Same wine, different closures

So a festive JJ Buckley gathering a few weekends ago looked like a great opportunity to pull a few bottles from my cellar that would address the issue. Out came two bottles of 2002 Wolf Blass “Gold Label” Shiraz, one under cork and the other in screwcap, both stored at the same location since they were purchased. This was one of only five Australian wines exported to America where one vintage was sold in both screwcap and cork, so this provided us with a rare opportunity to taste the wines side by side.

The result: a hands-down preference for the bottle under screwcap. The bottle under cork had more diffused aromas, redolent of herbs and muddled spices and a more advanced palate lacking the signature message of deep shiraz fruit. With deeper aromas and flavors filling up the darker range of the fruit spectrum, the screwcapped bottle clearly left a fresher, more youthful impression with a core of soft fruits that had matured enough to show softer textures with just a hint of secondary complexity. It was as though the wines came from two different places.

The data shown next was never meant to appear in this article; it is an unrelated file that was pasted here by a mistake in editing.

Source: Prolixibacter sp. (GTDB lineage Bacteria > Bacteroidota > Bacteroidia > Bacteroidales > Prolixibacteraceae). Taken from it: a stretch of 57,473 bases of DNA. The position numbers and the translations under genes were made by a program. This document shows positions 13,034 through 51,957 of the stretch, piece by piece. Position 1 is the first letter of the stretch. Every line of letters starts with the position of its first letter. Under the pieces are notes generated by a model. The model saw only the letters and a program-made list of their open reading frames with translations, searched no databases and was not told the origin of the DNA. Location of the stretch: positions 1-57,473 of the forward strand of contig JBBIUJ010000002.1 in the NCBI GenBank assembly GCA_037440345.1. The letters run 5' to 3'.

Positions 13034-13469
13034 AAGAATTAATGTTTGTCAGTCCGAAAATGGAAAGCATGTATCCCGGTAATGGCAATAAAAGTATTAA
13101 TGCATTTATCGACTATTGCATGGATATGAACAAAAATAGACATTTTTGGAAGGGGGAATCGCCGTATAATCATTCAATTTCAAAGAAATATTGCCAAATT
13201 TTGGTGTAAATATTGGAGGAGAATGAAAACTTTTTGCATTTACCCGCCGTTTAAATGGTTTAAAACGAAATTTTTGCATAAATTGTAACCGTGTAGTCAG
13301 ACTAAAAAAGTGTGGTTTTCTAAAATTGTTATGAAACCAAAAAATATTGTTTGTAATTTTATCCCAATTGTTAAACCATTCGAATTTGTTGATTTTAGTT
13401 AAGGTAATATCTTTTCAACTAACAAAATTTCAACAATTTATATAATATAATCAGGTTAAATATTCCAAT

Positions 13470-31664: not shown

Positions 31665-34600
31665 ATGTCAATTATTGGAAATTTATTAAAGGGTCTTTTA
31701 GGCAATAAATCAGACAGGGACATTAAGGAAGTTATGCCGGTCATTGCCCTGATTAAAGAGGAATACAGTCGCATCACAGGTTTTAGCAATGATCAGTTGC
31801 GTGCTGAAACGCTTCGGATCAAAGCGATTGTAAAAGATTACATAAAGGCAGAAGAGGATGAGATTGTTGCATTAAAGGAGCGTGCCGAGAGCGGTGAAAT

While this is not a scientific study and merely another in a litany of anecdotal stories regarding the virtues of screwcaps, it’s also quite evident that our simple tasting will do little to settle this robust debate. Nevertheless, it sure caused a commotion among the JJ Buckley staff. Here’s hoping that everyone seeks out the opportunity to try the same wine under different closures, it’s truly an eye-opening experience.


  1. About six years ago, in the company of fellow Epic Wines Team Leaders, I recall tasting two bottles of Ata Rangi Martinborough Pinot Noir sent by the winery. One was in cork, the other under screw cap; same vintage, same bottling date. At the the time they were selling the wine in screw cap almost everywhere but the USA. The winery’s purpose was to give us a choice of either closure & they would comply with our decision.